Have you ever wondered what it would be like if a middle class Victorian lady left her tea parties and English gardens for back-breaking farm labour in the wild Canadian backwoods? Susanna Moodie’s famous journal Roughing it in the Bush (1852) chronicles her personal experience of such an adventure (or misadventure, as she has few kind things to say about Canada for much of the book), as she forsakes her comfortable English life to live in a dilapidated shack in the middle of the forest and learn how to hoe potatoes, paddle a canoe, bake her own bread and milk a cow (although she never quite masters the latter).

The trials the Moodie family experience while living in the bush are severe. One extremely poor harvest forces them to eat rotten potatoes and wheat and trap squirrels for food. Not surprisingly, serious illnesses visit their little homestead frequently. The appalling poverty, grueling physical labour and extremely isolating environment and climate of living in the backwoods of Canada would be enough to drive many to the brink of insanity. Indeed, the madness that the sheer, incomprehensible vastness of the Canadian wilderness often overwhelms people with has been a common theme in Canadian literature – but count not Susanna Moodie among the unhinged. Although she definitely endures periods of depression and sadness, gazing upon the Canadian landscape compels Moodie to reflect upon and praise the awesomeness of its Creator. How else does one survive the wilderness? From Moses to Isaiah to John the Baptist, God again and again reveals Himself as a living stream of water in the desert to those who thirst after Him. To live in the wilderness without God is to wander, lost, forever; to know God is to meet Him and experience His faithful mercies in that desert place, as Moodie’s journal testifies to.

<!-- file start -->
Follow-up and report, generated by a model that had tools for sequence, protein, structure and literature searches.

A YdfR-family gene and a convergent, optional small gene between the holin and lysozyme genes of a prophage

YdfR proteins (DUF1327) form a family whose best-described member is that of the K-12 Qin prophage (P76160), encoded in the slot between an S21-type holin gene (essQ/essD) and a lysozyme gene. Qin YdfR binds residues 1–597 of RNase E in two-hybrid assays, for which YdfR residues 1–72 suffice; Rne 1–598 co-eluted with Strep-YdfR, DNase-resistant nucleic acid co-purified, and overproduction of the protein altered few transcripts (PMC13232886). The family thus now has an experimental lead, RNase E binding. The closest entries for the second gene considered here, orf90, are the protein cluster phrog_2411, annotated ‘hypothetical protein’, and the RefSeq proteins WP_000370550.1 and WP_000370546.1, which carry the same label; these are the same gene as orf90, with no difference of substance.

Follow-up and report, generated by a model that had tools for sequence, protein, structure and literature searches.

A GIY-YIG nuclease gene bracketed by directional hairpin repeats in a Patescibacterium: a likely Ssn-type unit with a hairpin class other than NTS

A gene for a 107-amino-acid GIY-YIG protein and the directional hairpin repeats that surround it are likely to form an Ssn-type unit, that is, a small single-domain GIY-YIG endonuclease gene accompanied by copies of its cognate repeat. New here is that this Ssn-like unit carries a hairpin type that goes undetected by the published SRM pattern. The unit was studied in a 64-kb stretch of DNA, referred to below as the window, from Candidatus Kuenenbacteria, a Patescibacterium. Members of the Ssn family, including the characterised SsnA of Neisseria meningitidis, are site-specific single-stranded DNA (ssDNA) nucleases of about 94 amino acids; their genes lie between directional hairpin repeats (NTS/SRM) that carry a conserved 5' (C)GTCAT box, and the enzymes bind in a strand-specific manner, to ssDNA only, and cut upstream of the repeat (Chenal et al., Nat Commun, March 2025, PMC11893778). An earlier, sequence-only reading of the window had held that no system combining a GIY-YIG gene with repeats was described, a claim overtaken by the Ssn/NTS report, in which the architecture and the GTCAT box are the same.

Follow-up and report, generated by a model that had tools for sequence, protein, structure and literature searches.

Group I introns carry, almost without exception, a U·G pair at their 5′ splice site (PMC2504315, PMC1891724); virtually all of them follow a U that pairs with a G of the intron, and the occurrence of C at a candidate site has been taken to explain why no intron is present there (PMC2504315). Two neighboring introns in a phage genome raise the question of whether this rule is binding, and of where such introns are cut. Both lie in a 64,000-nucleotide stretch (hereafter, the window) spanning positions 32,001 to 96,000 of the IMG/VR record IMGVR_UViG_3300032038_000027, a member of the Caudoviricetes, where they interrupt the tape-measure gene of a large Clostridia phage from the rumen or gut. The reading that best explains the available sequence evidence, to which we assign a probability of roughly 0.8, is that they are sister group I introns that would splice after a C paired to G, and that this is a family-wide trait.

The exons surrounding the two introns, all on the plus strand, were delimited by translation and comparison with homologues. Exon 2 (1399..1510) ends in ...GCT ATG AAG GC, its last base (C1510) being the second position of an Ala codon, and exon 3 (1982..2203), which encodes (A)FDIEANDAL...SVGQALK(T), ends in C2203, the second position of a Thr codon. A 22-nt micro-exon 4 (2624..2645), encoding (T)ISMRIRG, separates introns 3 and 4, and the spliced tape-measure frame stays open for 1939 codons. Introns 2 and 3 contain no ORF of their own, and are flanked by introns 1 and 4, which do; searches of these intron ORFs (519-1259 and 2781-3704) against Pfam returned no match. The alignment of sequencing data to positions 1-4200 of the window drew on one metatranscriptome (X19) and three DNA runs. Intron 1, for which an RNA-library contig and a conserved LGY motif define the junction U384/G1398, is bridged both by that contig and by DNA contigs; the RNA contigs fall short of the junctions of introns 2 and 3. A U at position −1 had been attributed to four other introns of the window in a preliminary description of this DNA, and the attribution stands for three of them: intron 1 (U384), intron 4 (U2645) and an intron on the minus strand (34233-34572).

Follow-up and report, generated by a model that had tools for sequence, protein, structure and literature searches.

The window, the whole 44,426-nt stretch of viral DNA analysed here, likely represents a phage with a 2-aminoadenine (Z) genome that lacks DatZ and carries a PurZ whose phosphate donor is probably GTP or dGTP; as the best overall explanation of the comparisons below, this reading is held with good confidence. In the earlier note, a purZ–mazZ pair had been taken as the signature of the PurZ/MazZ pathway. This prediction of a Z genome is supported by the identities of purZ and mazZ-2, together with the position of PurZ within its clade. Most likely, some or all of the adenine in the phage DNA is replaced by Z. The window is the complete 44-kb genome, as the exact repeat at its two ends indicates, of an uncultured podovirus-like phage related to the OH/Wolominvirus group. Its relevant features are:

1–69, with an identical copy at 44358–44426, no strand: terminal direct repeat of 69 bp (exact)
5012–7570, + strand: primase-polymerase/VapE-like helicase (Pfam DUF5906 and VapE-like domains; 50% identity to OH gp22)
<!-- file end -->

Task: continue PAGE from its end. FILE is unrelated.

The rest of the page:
Introducing “Perlycross” by R.D. Blackmore


“And we know that in all things God works for the good of those who love him, who have been called according to his purpose.” Romans 8:28

“But the clergyman, with a godly joy, and immortal faith, and heavenly hope, knelt at the foot, and lifted hands and eyes to the God of heaven. ‘Behold, He hath not forsaken us! His mercy is over all His works. And his goodness is upon the children of men.'” – Perlycross

This R. D. Blackmore novel unfolds in a small country village in Devonshire. Whereas Blackmore’s more famous novel, Lorna Doone, takes place on the haunting, wild moors (with a forbidden romance to match) Perlycross presents ordinary civilization – the everyday lives of townspeople in a country parish, and, more specifically, how ordinary people are affected by extraordinary events. Blackmore’s portrayal of small-town life is somewhat typical: gossip, rumours, the token idiosyncratic small-town characters, the endearing provincialism of country folk. Cranford fans will enjoy Perlycross; it offers more of the same.

And yet a gothic thread does weave through Perlycross. People living ordinary lives become immediately fascinating when the scandalously macabre descends upon them, upending the little knitting clubs, choir practices, butter churning and other commonplace activities characteristic to 19th century country living. The Christian themes the novel concerns itself with include, firstly, how characters hold on to (or lose) their faith in times of calamity and doubt and secondly, the way they treat their fellow brethren in the midst of suspicion and superstition. The curate of Perlycross, Reverend Penniloe, the only noble Christian of the novel, chooses to persist in believing that all these trials are for their benefit, and that all things will work out for the good for those who trust in God. His quiet, meek faith in times of seemingly meaningless tribulations and endlessly frustrating obstacles Blackmore extols for our example.